Creation’s praise of God endures unceasingly

Creation’s praise of God endures unceasingly Kites in the form of birds are flown by environmental activists in St Peter’s Square at the Vatican. Photo: CNS

During the Easter Octave we friars here in St Saviour’s in Dublin sang lauds each day in our little oratory. It’s a quiet spot, certainly quieter than our church, whose doors open to a busy street. One morning as we sang I noticed a bright, delicate voice combining with our own chant: a bird in the alley outside was joining her praises to ours.

That might seem like a strange thing to say. Birds are not rational animals, after all, as we are. They’re not capable of knowing and loving God in the way we do. But there is indeed a sense in which they – and all living things – give praise to God. The scriptures speak often of this, as, for example, in the Song of the Three Young Men (Book of Daniel 3). Sung in the Divine Office every Sunday morning, it calls on all of creation to bless the Lord: “creatures of the sea, wild beasts and tame, every bird in the sky, bless the Lord”.


All living things are – after all – God’s creatures: “I know all the birds of the hills, and all that moves in the field is mine” (Psalm 50:11). Simply by existing, by living, and, yes, by singing, God’s creatures give glory to him. Their praise of God is not conscious, as ours is, but is magnificent in its own way. It was a song already ancient when our first parents were given immortal souls, and whereas our praise sometimes falters, creation’s praise of God endures unceasingly. Whenever we consciously turn our minds and hearts to God in worship, we are simply joining this deep, omnipresent music.

Of all living things, birds are perhaps most conspicuous in their praise. Like the Church at worship, birds sing in gorgeous abundance, not sparingly. And just as our hearts are lifted up in praise, so the flight of birds lifts them to the heights. Again and again, the Scriptures name these flying beasts with the wonderful name, “the birds of the heavens”.


A second-century writer from North Africa, Tertullian, encouraging his fellow Christians to pray, pointed them to the example of birds: “All creation prays…  The birds taking flight lift themselves up to heaven and instead of hands spread out their wings, while singing what sounds to us like prayer.”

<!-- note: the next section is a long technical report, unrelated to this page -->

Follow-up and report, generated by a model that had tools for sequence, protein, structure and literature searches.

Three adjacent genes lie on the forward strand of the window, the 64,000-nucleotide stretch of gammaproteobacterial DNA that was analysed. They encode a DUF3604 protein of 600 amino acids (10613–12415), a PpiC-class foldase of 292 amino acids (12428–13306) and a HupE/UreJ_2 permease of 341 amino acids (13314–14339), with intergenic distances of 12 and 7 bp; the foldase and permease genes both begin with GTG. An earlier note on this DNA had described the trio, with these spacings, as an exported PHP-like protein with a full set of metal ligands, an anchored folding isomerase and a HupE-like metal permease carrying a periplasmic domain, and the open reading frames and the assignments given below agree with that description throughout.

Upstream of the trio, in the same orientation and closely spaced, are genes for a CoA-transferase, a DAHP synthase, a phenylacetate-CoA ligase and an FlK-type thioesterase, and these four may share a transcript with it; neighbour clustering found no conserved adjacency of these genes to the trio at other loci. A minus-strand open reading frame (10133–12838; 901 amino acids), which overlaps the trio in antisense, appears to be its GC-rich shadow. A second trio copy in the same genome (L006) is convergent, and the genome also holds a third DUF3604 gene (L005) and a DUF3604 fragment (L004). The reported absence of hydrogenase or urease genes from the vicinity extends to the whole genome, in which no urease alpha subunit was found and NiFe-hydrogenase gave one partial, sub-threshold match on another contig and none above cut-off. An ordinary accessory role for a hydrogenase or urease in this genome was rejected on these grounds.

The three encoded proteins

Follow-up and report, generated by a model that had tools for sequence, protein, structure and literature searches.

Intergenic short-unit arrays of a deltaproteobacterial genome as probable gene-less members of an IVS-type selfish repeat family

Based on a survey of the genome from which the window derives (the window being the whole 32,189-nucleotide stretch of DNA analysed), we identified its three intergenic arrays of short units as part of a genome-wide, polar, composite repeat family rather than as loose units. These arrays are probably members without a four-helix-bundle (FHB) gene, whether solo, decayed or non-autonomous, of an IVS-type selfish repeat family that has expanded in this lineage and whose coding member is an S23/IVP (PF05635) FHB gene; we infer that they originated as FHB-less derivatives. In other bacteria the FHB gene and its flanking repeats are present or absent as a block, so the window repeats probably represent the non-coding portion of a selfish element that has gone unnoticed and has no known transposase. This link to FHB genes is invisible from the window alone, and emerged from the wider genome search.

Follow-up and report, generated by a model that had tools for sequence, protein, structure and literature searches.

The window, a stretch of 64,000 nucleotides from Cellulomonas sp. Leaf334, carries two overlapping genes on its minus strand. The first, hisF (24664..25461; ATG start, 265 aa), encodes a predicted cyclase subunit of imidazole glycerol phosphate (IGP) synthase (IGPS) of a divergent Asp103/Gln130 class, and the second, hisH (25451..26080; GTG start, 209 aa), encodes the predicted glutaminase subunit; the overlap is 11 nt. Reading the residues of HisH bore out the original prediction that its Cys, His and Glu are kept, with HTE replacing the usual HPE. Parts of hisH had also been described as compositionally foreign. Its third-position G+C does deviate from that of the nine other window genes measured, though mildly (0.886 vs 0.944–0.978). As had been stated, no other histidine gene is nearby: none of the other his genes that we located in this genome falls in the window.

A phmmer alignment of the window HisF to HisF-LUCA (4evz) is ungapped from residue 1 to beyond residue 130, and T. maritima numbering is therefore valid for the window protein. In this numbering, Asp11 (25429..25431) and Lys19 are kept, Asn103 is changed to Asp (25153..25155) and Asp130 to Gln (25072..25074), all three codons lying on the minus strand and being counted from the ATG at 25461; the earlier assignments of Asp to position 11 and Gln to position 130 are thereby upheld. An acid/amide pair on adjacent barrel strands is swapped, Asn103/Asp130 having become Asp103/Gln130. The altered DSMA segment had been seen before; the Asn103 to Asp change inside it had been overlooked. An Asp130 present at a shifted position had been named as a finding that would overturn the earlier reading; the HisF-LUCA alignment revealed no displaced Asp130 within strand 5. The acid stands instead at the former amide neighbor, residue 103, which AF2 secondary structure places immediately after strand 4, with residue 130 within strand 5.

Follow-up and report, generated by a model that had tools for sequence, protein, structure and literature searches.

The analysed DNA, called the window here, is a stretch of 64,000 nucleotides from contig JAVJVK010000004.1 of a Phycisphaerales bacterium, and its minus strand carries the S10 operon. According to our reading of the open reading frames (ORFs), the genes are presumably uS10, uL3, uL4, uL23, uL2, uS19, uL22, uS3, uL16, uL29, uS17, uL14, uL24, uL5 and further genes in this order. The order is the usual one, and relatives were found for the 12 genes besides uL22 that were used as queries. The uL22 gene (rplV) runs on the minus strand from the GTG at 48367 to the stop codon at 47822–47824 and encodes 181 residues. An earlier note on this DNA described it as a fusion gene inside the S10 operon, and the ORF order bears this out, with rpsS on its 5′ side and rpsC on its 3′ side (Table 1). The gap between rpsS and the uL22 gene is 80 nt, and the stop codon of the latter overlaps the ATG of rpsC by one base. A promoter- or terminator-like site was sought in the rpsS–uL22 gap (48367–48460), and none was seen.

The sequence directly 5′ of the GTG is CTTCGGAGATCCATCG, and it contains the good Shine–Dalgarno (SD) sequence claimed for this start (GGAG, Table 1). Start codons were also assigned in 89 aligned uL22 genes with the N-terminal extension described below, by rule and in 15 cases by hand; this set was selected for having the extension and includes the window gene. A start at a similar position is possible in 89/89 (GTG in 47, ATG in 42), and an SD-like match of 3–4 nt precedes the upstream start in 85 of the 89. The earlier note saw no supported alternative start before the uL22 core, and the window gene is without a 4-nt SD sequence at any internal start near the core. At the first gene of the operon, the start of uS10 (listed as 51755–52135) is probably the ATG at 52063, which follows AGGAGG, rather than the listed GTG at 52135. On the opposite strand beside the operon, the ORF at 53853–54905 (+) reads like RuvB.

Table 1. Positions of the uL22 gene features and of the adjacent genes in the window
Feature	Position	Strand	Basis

In Ireland too, the birds of the heavens feature in the Christian imagination. The legend of St Brendan’s sea-journey to the Land of Promise of the Saints, read throughout Europe, includes a wonderful account of the ‘Paradise of the Birds’. At Easter, Brendan and his monks arrive at an island, “well-wooded and covered with flowers”. They find on the island a tree with an enormous flock of snow-white birds perched silently on its branches. One of the birds flies down to Brendan – its wings tinkling like bells – and explains that the Irish monks are to rest and praise God with them throughout the Easter Octave.


The monks wait, and at the hour of vespers, the birds suddenly all clap their wings together and begin to sing the hymns and psalms which the monks know and love so well. At every hour of the Divine Office the birds praise God “with voice and wing”, and the monks pray with them in “mutual joy”. On that island, the monks never grew tired of praise: the singing of the birds “was a delight ever new to them”.

The story of St Brendan’s voyage might be fantastical, but it tells the truth: the birds of the heavens, with all creation, are continually praising their maker. In this season of Easter, with voice and wing the birds of heaven invite us to delight anew in the worship of God at the heart of his world.


Keeping our gaze fixed on Christ…

Do you know what an aviary is? I don’t mean the kind of aviary in which birds are enclosed, but a genre of literature, popular in the Middle Ages, describing the appearance and behaviour of birds, as well as their moral and spiritual meanings. They were popular with preachers, who would pepper their sermons with exhortations drawing on our feathered friends. Don’t be like the vulture, they would say, hanging around the deathly stench of sin. Don’t be like the jay, chattering your gossip everywhere. Don’t be like the goose, over-anxious about your safety. Instead, be chaste like the turtledove, penitent like the raven, intelligent like the rooster. And keep your eyes always on the risen Christ, the phoenix who rises from the ashes.